NEW YORK—The spring series of auctions at Christie’s in Hong Kong May 28–June 2 took in a total of HK$2.3billion ($294million). Sales of fine art totaled HK$994.6 million ($127.7 million), and records were set for works by Chinese, Japanese, Italian and Filipino artists. Last year’s sales of Asian art brought in a total of HK$401.2million ($51.6million) in comparison (ANL, 6/9/09).
The evening sale of Asian contemporary art and Chinese 20th-century art on May 29 was 100 percent sold both by lot and by value—a rare event. The 36-lot sale brought in a total of HK$303.4million ($39million). String Quartet, 1986, an oil on canvas by Chen Yifei (1946–2005), sold for ten times its estimate of HK$4million/6million, setting a new auction record for the artist. It was bought by an Asian trade buyer for HK$61.1million ($7.9million).
The second- and third-highest selling lots in the sale were both paintings by Sanyu: Vase of Lilies with Red Ground, 1940s (estimate: HK$12million/18million), and Pink Leopard, 1940s–’50s (estimate: HK$8million/12million), sold for above-estimate prices of HK$25.3million ($3.25million) and HK$21.9million ($2.8million), respectively. Three of the top ten lots were by Zao Wou-Ki (b. 1920). The oil 02-1-65, 1965, sold for HK$20.8million ($2.7million) on an HK$8million/12million estimate; 14-3-59, 1959, brought the same price against an estimate of HK$10million/15million. And 25-10-90, 1990, sold for HK$9.6million ($1.2million), within the estimate of HK$6.5million/10million.
Records were also set for Japanese artists Tomoko Konoike (b. 1960)—whose Chapter Three “Wreck,” 2005, a set of seven paintings, sold for HK$2.06million ($266,000) on an estimate of HK$800,000/1.2million—and Akira Yamaguchi (b. 1969), whose set of four paintings Shintenno (Jikokuten, Zochoten, Tamonten, Komokuten), 2006, was sold for HK$1.9million ($239,096) against a HK$1.5million/2.5million estimate.
Eric Chang, Christie’s international director of Asian contemporary and Chinese 20th-century art, said, “With Asian buyers winning many of the lots among intensive international bidding, it is clear that collectors in the region are more sophisticated and diverse than ever before, and that the Hong Kong art market has now firmly established itself as a formidable hub in the contemporary art world.”
The day sale of Asian contemporary art yielded a total of HK$115million ($14.76million), with the top lot, Portrait of Andy Warhol, 2005, by Zeng Fanzhi (b. 1964), selling for HK$5.06million ($649,704), three times the estimate of HK$1million/1.5million. A record was set for a work by Chinese artist Yu Youhan (b. 1943), whose Mao in an Easy Chair, 1992, sold for HK$4.2million ($541,848), 14 times the HK$200,000/300,000 estimate. Records were also set for works by Ding Yi (b. 1962)—whose Appearance of Crosses, ca. 1990s, sold for HK$4.10 million ($526,440), six times the estimate of HK$400,000/600,000—and Guan Yong (b. 1975), whose Do You Know? We are so distressed, 2007, fetched HK$2.4million ($310,728) on a HK$1.2million/2.2million estimate. Liu Wei’s Landscape, 2006, sold for HK$4.6million ($588,700) on a HK$1.5million/2million estimate, and Zhang Xiaogang’s Bloodline Series, 1997, sold for HK$4.1million ($526,000) against a HK$2.5million/3.5million estimate.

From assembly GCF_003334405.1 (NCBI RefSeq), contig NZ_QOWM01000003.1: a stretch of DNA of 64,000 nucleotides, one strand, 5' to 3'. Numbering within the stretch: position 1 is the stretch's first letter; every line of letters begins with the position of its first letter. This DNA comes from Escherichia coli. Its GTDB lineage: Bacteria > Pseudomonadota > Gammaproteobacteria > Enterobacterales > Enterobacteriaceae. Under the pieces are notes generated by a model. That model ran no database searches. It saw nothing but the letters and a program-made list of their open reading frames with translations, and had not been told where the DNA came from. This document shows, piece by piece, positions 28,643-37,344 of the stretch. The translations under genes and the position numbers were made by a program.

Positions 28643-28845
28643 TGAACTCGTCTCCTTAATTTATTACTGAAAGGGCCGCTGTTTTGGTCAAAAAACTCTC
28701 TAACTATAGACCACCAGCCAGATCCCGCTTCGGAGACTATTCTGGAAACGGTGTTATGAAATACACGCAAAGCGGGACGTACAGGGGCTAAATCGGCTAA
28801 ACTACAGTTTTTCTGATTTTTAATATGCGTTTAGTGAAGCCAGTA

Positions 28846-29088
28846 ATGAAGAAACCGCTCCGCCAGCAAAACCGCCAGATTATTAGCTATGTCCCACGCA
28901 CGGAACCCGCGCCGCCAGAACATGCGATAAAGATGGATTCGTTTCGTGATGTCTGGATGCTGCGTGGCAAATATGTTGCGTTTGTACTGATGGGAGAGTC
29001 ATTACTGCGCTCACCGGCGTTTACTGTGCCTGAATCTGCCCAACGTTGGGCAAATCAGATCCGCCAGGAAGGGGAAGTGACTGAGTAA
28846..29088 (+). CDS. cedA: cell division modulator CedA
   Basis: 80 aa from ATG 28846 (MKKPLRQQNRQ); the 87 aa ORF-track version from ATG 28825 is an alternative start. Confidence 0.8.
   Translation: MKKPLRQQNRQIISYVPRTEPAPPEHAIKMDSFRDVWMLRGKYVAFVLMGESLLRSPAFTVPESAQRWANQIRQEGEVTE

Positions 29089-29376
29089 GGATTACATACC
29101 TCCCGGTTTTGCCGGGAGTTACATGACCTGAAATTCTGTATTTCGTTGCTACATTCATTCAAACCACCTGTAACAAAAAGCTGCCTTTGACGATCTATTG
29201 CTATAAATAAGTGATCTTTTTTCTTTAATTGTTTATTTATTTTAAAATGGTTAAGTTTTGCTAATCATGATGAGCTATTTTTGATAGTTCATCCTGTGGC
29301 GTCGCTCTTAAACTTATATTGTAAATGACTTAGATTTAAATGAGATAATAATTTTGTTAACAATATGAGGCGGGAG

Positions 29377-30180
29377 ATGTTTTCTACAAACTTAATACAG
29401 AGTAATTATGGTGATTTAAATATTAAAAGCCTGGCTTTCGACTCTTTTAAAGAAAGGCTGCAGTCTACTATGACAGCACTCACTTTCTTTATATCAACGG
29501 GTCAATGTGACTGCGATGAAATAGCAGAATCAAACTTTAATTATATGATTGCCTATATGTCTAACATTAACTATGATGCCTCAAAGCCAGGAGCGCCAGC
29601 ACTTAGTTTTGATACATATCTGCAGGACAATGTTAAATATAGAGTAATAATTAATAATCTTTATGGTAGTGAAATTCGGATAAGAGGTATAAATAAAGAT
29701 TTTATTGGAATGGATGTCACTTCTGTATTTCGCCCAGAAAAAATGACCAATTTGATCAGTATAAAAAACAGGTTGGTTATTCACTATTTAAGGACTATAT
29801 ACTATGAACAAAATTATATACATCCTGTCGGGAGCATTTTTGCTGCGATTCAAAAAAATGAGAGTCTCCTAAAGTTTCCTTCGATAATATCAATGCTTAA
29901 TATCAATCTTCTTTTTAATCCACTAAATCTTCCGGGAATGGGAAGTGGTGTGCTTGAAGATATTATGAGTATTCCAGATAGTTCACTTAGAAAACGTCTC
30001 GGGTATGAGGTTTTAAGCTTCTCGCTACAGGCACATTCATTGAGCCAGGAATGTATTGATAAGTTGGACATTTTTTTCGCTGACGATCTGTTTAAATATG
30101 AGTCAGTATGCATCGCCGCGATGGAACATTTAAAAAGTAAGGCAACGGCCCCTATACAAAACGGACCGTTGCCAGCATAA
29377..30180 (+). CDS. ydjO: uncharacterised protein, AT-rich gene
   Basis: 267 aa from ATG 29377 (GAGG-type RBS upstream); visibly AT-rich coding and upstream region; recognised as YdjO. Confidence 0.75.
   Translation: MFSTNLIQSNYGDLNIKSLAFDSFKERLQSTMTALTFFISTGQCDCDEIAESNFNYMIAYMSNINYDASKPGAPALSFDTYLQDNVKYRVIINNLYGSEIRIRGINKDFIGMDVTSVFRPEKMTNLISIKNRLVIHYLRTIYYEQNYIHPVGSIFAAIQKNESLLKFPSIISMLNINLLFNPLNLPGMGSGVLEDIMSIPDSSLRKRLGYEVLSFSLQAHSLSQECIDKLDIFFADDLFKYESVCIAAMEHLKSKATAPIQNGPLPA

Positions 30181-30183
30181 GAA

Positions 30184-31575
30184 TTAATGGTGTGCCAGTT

The day sale of Chinese 20th-century art on May 30 brought in a total of HK$105million ($13.5million), and was 80 percent sold by lot and 91 percent sold by value. Zao again dominated the high end of the sale, with six out of the top ten lots. All brought higher-than-expected prices, the highest being for La course de Chevaux (Horse Racing), 1952, which sold for HK$5.4million ($695,928) on a HK$1.5million/2million estimate, followed by 3-1-61, 1961, which took HK$4.8million ($618,888) on a HK$2.4million/3.2million estimate.
The sale of Chinese modern paintings on May 28 totaled HK$215.1million ($27.6million). Lady Holding Lotus, 1954, a scroll painting by Zhang Daqian (1899–1983), sold to a Chinese collector for HK$14.1million ($1.81million), more than four times the estimate of HK$2million/3million. Cormorants, 1935, a scroll painting by Xu Beihong (1895–1953), sold for HK$13.5million ($1.74million) against an identical estimate. Ben Kong, Christie’s international specialist head of Chinese paintings, said the “sales showed continuing strength with active bidding, with many lots going well over the high estimates.”
The sale of Southeast Asian modern and contemporary art on May 30 brought in a total of HK$44.5million ($5.7million). The top lot was Young Balinese Girl with Hibiscus, 1939, by Italian painter Romualdo Locatelli (1905–43), which set an artist record, selling to an Asian collector for HK$6million ($773,000) against an estimate of HK$2.2million/3.2million. The oil on canvas was one of the first portraits the artist painted in Bali. Lavenderas, 1923, by Filipino painter Fernando Cueto Amorsolo (1892–1972), also set a record, selling for HK$3.4million ($437,000) against an estimate of HK$300,000/500,000.
The sale of Chinese classical paintings and calligraphy on May 28 totaled HK$115.9million ($14.9million), led by Birds and Flowers, 1748, by Hua Yan (1682–1756) which sold for HK$19.1million ($2.45million), three times estimate. The Young Hercules, 1732, by Leng Mei (17th–18th century) sold for HK$16.9million ($2.17 million), 11 times the high estimate.
The Songde Tang Collection of Chinese modern paintings took in HK$95.7million ($12.3million), and was 95 percent sold by lot, 99 percent by value. The top lot, Amaranth, Crickets, Persimmon and Peaches, a scroll by Qi Baishi (1863–1957), sold for HK$10.6million ($1.36million) on an estimate of HK$800,000/1million.